The red box identifies the new firmware.
The green box identifies the old firmware which has been replaced.
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6.5.2 Invalidating the firmware
Downdating J-Link is not done automatically thru an old "JLinkARM.dll". J-Link will
continue using its current, newer firmware when using older versions of the
"JLinkARM.dll".
Downdating J-Link is not recommended, you do it at your own risk!
Note that the firmware embedded in older versions of "JLinkARM.dll" may not run
properly with newer hardware versions.
To downdate J-Link, you need to invalidate the current J-Link firmware, using the
command "exec InvalidateFW".
The red box contains information about the formerly used J-Link ARM firmware ver-
sion.
Use an application (for example JLink.exe) which uses the desired version of
JLinkARM.dll. This automatically replaces the invalidated firmware with its embed-
ded firmware.
The red box identifies the new firmware.
The green box identifies the old firmware which has been replaced.
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Chapter 7
FAQs
You can find in this chapter a collection of frequently asked questions (FAQs)
together with answers.
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7.1 FAQs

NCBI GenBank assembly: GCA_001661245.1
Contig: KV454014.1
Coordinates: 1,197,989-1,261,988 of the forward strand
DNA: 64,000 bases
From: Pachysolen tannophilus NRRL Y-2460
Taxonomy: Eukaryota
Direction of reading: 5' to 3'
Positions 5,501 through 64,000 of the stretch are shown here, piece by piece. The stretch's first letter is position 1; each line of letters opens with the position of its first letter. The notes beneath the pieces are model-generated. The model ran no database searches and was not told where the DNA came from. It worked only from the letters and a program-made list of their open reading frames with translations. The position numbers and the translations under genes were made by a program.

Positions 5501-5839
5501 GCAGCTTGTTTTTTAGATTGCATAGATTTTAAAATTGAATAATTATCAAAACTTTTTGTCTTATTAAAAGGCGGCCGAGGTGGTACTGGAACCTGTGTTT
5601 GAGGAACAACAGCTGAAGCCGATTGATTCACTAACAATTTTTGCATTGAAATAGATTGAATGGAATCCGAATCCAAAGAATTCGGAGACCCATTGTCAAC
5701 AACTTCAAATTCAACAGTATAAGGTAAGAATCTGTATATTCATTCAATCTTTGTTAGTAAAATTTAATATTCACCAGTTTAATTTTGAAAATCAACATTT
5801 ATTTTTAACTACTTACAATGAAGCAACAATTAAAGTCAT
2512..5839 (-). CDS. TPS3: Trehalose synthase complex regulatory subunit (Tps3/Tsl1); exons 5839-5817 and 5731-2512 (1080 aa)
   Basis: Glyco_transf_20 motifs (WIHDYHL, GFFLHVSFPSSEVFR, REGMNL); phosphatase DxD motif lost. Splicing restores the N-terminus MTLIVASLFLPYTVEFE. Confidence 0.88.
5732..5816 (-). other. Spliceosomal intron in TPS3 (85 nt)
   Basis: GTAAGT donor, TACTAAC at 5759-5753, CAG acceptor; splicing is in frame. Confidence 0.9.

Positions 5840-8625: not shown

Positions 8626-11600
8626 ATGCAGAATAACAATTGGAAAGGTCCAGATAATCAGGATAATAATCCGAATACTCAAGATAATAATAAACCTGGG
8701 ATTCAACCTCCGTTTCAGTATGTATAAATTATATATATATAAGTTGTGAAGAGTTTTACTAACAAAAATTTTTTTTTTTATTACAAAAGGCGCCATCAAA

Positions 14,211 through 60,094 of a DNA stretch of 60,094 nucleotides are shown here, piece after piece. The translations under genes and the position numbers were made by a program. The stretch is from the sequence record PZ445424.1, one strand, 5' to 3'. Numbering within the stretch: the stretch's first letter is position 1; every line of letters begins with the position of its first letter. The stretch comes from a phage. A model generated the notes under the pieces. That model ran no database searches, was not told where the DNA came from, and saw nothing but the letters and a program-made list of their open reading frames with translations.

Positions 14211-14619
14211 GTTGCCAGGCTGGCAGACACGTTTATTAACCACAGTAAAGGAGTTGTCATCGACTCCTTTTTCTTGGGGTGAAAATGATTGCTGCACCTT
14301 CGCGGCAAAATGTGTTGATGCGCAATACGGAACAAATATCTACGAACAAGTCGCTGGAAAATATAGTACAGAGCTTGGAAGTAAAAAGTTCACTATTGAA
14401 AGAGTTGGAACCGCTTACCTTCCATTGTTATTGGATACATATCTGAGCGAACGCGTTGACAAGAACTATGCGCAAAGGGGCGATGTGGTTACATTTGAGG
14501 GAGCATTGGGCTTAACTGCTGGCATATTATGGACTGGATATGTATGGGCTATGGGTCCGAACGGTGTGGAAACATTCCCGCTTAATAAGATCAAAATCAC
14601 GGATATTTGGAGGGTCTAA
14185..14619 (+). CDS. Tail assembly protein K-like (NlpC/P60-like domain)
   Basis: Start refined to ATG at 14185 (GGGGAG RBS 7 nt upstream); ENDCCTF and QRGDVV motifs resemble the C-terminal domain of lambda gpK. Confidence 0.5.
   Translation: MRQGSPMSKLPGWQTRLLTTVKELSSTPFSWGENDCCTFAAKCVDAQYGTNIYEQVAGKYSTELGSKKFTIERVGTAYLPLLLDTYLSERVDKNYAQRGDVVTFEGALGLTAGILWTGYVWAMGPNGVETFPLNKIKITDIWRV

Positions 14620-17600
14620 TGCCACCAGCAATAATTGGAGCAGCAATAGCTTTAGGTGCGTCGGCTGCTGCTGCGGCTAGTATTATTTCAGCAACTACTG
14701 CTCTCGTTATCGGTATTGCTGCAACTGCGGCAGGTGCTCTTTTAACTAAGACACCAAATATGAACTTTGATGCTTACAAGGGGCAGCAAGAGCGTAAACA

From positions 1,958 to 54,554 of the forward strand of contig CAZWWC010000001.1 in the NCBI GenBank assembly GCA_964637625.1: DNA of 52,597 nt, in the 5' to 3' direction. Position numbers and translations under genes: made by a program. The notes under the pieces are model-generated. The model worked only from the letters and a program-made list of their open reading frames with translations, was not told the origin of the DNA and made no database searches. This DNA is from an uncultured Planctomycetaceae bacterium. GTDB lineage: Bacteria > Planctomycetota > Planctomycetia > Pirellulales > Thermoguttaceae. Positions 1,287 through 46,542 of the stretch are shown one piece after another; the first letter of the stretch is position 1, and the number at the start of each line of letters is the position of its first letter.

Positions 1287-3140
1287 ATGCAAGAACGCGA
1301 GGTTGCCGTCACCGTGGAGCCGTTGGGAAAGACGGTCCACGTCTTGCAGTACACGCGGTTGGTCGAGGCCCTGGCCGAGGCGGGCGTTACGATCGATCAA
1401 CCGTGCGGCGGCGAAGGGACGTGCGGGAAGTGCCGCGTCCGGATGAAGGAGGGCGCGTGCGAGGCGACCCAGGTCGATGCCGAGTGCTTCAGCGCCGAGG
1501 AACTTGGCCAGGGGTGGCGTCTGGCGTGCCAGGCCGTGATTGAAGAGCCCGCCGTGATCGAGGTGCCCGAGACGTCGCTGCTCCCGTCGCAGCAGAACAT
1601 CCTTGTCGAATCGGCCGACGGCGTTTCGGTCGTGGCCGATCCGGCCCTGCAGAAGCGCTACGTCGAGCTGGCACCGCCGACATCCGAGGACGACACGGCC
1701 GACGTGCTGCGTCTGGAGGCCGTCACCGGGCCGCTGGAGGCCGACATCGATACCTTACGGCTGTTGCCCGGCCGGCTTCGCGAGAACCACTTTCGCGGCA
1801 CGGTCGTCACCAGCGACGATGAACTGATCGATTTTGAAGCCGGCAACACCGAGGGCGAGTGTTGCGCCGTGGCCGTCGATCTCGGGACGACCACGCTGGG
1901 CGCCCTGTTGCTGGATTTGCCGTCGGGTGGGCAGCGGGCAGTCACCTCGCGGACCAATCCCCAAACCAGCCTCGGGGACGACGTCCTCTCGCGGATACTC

Q: Which CPUs are supported?
A: J-Link should work with any ARM7 / ARM9 core. For a list of supported cores see
section Supported ARM Cores on page 12.
Q: What is the maximum JTAG speed supported by J-Link?
A: J-Links maximum supported JTAG speed is 8MHz.
Q: What is the maximum download speed?
A: The maximum download speed is currently about 150 kByte/sec when download-
ing into RAM; Communication with a RAM-image via DCC can be a lot faster. How-
ever the actual speed depends on various factors, such as JTAG, clock speed, host
CPU core etc.
Q: Can I access individual ICE registers via J-Link?
A: Yes, you can access all individual ICE registers via J-Link.
Q: I want to write my own application and use J-Link. Is this possible?
A: Yes. We offer a dedicated devloper pack. See section J-Link ARM Developer Pack
on page 33 for further information.
Q: Can I use J-Link to communicate with a running target via DCC?
A: Yes. The DLL includes functions to communicate via DCC. However, you can also
program DCC communication yourself by accessing the relevant ICE registers
through J-Link.
Q: Can J-Link read back the status of the JTAG pins?
A: Yes, the status of all pins can be read. This includes the outputs of J-Link as well
as the supply voltage and can be useful to detect hardware problems on the target
system.
Q: J-Link is quite inexpensive. What is the advantage of some more expensive JTAG
probes?
A: Some of the more expensive JTAG probes offered by other manufacturers support
higher download speeds or an ethernet interface. The functionality is similar, there
is no real advantage of using more expensive probes. J-Link is a suitable solution